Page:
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For Fans, The Indy 500 Is About People, Not Cars

By Staff writer of The Christian Science Monitor / May 25, 1990



INDIANAPOLIS

THIS is the merry month in which Indianapolis transforms itself from just another mid-sized Midwestern city into the mecca of auto racing. For three hours this Sunday (May 27) some of the world's top drivers will race 200 laps around a 2 1/2-mile oval track to try to win the Indianapolis 500. It is, arguably, the most famous auto race in the world.

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But for all its speed, high technology, and international fame, this event is surprisingly hometown and people-oriented. Talk with former Indy 500 drivers and you find out less about the cars they drove than about the people they met. Scratch the dedicated Indy 500 fan and like as not you'll find someone who follows drivers rather than engines. Twenty-five families have had two or more representatives in this race.

``I have a bookkeeper in my company who lives, eats, and breathes the 500-mile race,'' says Howard (Howdy) Wilcox, whose father was first across the finish line in 1919. ``She literally loves the sport and loves the people in it. And I think the people in it have a lot to do with it. You see, it's not just the guy driving the car. It takes a number of competent, dedicated people to keep that car on the track.''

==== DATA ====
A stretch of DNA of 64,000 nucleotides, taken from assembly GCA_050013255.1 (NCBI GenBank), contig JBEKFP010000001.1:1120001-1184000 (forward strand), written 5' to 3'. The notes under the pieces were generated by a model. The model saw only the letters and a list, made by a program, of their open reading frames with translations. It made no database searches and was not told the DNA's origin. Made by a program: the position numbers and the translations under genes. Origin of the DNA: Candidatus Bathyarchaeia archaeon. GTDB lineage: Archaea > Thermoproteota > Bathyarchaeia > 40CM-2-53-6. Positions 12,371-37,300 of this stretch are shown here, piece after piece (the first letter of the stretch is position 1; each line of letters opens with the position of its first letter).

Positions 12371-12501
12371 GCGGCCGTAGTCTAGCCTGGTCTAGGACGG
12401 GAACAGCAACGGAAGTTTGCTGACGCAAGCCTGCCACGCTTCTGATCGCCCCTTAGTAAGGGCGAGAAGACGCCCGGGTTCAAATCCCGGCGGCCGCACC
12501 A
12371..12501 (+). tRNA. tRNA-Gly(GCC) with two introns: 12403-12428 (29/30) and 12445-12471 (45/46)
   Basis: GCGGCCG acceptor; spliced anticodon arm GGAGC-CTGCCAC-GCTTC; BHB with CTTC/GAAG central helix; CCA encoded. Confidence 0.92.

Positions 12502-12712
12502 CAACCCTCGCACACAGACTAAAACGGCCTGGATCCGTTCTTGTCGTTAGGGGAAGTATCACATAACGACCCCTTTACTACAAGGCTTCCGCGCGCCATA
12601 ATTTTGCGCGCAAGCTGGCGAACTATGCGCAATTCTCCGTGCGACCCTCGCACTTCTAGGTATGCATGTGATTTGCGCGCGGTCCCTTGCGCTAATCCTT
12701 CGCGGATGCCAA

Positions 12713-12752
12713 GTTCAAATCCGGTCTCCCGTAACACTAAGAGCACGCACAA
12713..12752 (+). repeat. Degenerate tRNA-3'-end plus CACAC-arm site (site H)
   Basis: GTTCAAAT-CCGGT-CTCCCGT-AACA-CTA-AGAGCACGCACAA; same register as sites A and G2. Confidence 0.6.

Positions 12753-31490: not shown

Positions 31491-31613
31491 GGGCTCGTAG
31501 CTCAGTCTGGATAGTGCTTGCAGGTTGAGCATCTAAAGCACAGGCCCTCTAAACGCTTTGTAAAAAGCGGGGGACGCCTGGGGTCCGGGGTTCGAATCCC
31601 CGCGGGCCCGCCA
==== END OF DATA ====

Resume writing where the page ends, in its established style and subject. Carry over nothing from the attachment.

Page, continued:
Why such loyalty to a track with places like ``Gasoline Alley'' and ``the Snake Pit?'' (More on these later.)

``There's not an easy answer to that,'' says Donald Davidson of the United States Auto Club (USAC), which sanctions the event. ``But it is a tradition. It's a tradition that goes back almost beyond the memory of anybody that's living.''

Mr. Davidson is USAC's historian and statistician. He probably has memorized more facts about the Indianapolis 500 than anyone else. Five years ago, he began giving Indy 500 lectures at a local university; they now attract 60 to 70 students a year.

One of those students is Perry Fague, an insurance underwriter who will be attending his 23rd race. ``The thing about the Speedway that makes it unique is that you can get real close to the competitors,'' he says.

``I heard the engines all my life,'' adds Carl Brodnik, who grew up close to the track on the northwest side of Indianapolis. ``It was really hard when you could hear 'em in school.... My cousins and I still meet at my mom and dad's house and walk over to the track first day of qualifications and save about 30 seats for the rest of the family.''

Mr. Brodnik doesn't attend the race, just the qualifications. ``I basically just like the speed and the camaraderie out there,'' he says.

Until the early 1970s, when the race came into its own, many of the drivers would spend the month of May with local families. On race day, they'd walk to the track and then leave to return to full-time jobs as mechanics, gas-station attendants, and the like.

``The drivers used to be what I call blue collar,'' says Bob Laycock, who runs the Indy 500 press room. These days, ``your race car drivers - most of them - come with a briefcase and college degree. It's a lot more serious.'' His eyes still fill with tears when he recalls two drivers who stayed at his house and then later lost their lives in races, one at Indy and the other at another track.

As the 500 grew up, so did the automobile industry.